Three months later on 3 November 1975, several senior officers and NCO's led by Maj. Gen. Khaled Mosharraf and Colonel Shafaat Jamil led their own forces to remove Khandakar Mushtaq's government from power whom they believed was an unlawful government in the first place. That same day the same group of disgruntled army personnel who assassinated Sheikh Mujib and had jailed politicians involved with the Bangladesh Liberation war, assassinated Syed Nazrul IslamTajuddin AhmedMuhammad Mansur Ali and AHM Qamaruzzaman in Dhaka Central Jail. Chief of Army Staff, Major General Ziaur Rahman was placed under house arrest.[17][18]

On 7 November 1975, a short but highly organised uprising concentrated only in Dhaka, formed by members of the Jatiyo Samajtantrik Dal (National Socialist Party) and members of enlisted personnel led by Lt. Col. (Retd.) Abu Taher also resulted in the killing of several army and air force officers and soldiers including Major General Khaled Mosharraf, Major ATM Haider. Colonel Shafaat Jamil was arrested and forcibly retired. Colonel Abu Taher released Major General Ziaur Rahman who was imprisoned by Khaled Mosharraf. Ziaur Rahman took promotion to Lieutenant General and appointed himself as the Chief of Army Staff and Deputy Chief Martial Law Administrator. He then executed Lt. Col. Taher for his role in the coup on 7 November.[19][20][21] Later, in 1977 under a public referendum of a yes no vote he took the helm as President. On 30 May 1981 President Ziaur Rahman was assassinated in the Chattogram Circuit House in a military coup.[22]

Less than a year later, the then Chief of Army Staff Lt. Gen. Hussein Muhammad Ershad on 24 March 1982 took power in a silent coup at dawn, suspended the constitution and imposed martial law and remained in power through farce elections and corruption. He remained in power until 6 December 1990.[23]

Chattogram Hill Tracts ConflictEdit

Main article: Chittagong Hill Tracts Conflict

The Chattogram Hill Tracts Conflict was the political and military conflict between the Government of Bangladesh and the Parbatya Chattagram Jana Sanghati Samiti (United People's Party of the Chattogram Hill Tracts) and its armed wing, the Shanti Bahini over the issue of autonomy and the rights of the tribes of the Chattogram Hill Tracts. The Shanti Bahini launched an insurgency against government forces in 1977, and the conflict continued for twenty years until the Bangladesh government and the PCJSS signed the Chattogram Hill Tracts Peace Accord in 1997.[24]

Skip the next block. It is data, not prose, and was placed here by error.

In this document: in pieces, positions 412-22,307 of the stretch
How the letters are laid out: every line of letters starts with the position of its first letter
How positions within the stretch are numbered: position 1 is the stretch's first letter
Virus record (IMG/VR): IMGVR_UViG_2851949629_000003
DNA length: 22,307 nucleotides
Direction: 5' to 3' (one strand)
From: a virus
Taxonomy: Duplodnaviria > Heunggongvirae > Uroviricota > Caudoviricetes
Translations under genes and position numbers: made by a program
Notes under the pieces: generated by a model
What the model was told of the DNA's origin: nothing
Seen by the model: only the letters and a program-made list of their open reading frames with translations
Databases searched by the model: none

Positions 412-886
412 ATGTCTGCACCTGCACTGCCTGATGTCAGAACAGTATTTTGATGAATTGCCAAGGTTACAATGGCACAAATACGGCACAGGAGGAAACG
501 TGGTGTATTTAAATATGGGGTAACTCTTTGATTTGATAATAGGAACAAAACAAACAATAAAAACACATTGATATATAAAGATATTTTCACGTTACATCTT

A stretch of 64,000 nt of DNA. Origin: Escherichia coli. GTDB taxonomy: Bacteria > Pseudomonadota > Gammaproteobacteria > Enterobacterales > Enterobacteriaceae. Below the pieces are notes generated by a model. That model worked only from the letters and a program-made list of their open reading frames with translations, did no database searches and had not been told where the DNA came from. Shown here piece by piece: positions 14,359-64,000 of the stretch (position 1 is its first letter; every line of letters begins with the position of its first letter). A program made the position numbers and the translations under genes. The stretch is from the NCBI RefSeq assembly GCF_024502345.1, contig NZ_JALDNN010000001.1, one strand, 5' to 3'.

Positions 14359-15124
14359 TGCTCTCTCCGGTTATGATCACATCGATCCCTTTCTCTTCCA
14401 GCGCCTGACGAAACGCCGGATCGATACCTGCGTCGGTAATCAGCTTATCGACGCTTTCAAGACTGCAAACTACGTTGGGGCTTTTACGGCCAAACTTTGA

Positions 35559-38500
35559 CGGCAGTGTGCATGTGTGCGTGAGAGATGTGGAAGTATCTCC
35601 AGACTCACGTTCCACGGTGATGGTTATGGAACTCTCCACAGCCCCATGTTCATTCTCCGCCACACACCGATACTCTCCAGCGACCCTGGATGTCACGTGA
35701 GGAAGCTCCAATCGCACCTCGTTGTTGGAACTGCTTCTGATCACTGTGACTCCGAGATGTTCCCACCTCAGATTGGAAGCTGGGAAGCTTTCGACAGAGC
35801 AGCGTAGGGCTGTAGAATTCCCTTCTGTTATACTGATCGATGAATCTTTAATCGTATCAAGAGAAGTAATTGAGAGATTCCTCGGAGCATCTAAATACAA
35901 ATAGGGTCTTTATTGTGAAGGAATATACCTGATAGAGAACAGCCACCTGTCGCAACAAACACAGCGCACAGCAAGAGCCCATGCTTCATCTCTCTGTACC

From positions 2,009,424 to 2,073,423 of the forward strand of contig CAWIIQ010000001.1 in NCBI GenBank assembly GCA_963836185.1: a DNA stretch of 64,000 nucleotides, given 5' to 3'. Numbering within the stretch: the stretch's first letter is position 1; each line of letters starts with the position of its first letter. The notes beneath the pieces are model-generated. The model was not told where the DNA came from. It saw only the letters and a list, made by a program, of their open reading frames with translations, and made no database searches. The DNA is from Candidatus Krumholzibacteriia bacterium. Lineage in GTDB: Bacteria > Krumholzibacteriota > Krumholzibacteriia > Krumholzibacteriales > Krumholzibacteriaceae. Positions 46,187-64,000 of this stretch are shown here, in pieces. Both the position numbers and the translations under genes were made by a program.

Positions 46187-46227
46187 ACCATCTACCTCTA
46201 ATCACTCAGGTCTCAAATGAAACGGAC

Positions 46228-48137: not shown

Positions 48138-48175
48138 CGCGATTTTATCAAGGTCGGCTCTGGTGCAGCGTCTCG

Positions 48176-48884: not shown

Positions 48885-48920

At the outbreak of the insurgency, the Government of Bangladesh deployed the army to begin counter-insurgency operations. The then-President of Bangladesh Major General Ziaur Rahman created a Chittagong Hill Tracts Development Board under an army general to address the socio-economic needs of the region, but the entity proved unpopular and became a source of antagonism and mistrust among the local tribes against the government. The government failed to address the long-standing issue of the displacement of tribal people, numbering an estimated 100,000 caused by the construction of the Kaptai Dam by the then Pakistan government in 1962. Displaced tribesmen did not receive compensation and more than 40,000 Chakma tribals had fled to India. In the 1980s, the government began settling Bengalis in the region, causing the eviction of many tribesmen and a significant alteration of demographics. Having constituted only 11.6% of the regional population in 1974, the number of Bangalis grew by 1991 to constitute 48.5% of the regional population.[24][25][26]

Peace negotiations were initiated after the restoration of democracy in Bangladesh in 1991, but little progress was made with the government of Prime Minister Begum Khaleda Zia and her Bangladesh Nationalist Party.[27] Fresh rounds of talks began in 1996 with the newly elected prime minister Sheikh Hasina Wajed of the Awami League.[27] The Chattogram Hill Tracts Peace Accord was finalised and formally signed on 2 December 1997.[28]

Subsequent growthEdit

Humanitarian operation after Cyclone Sidr 2.

Following the 1975 coup, additional personnel were absorbed into the regular army when the martial law government abolished the Jatiyo Rakkhi Bahini. Under Zia's rule, Bangladesh was divided into five military regions. When Ershad assumed power in 1982, army strength had stabilised at about 70,000 troops. Starting in 1985, the army had experienced another spurt in growth. As of mid-1988, it had about 90,000 troops (although some observers believed the number was closer to 80,000), triple the 1975 figure.[29]

Bangladesh Armed Forces participated in the Gulf war in 1991 Operation Desert Storm alongside other multinational forces under Allied Command. The Bangladesh Army brought in a contingent of Engineers and undertook the task of clearing mines and bombs in Kuwait. This assistance took place under the operational code name "Operation Kuwait Punargathan (OKP)" in English "Operation Rebuilding Kuwait (ORK)".[30]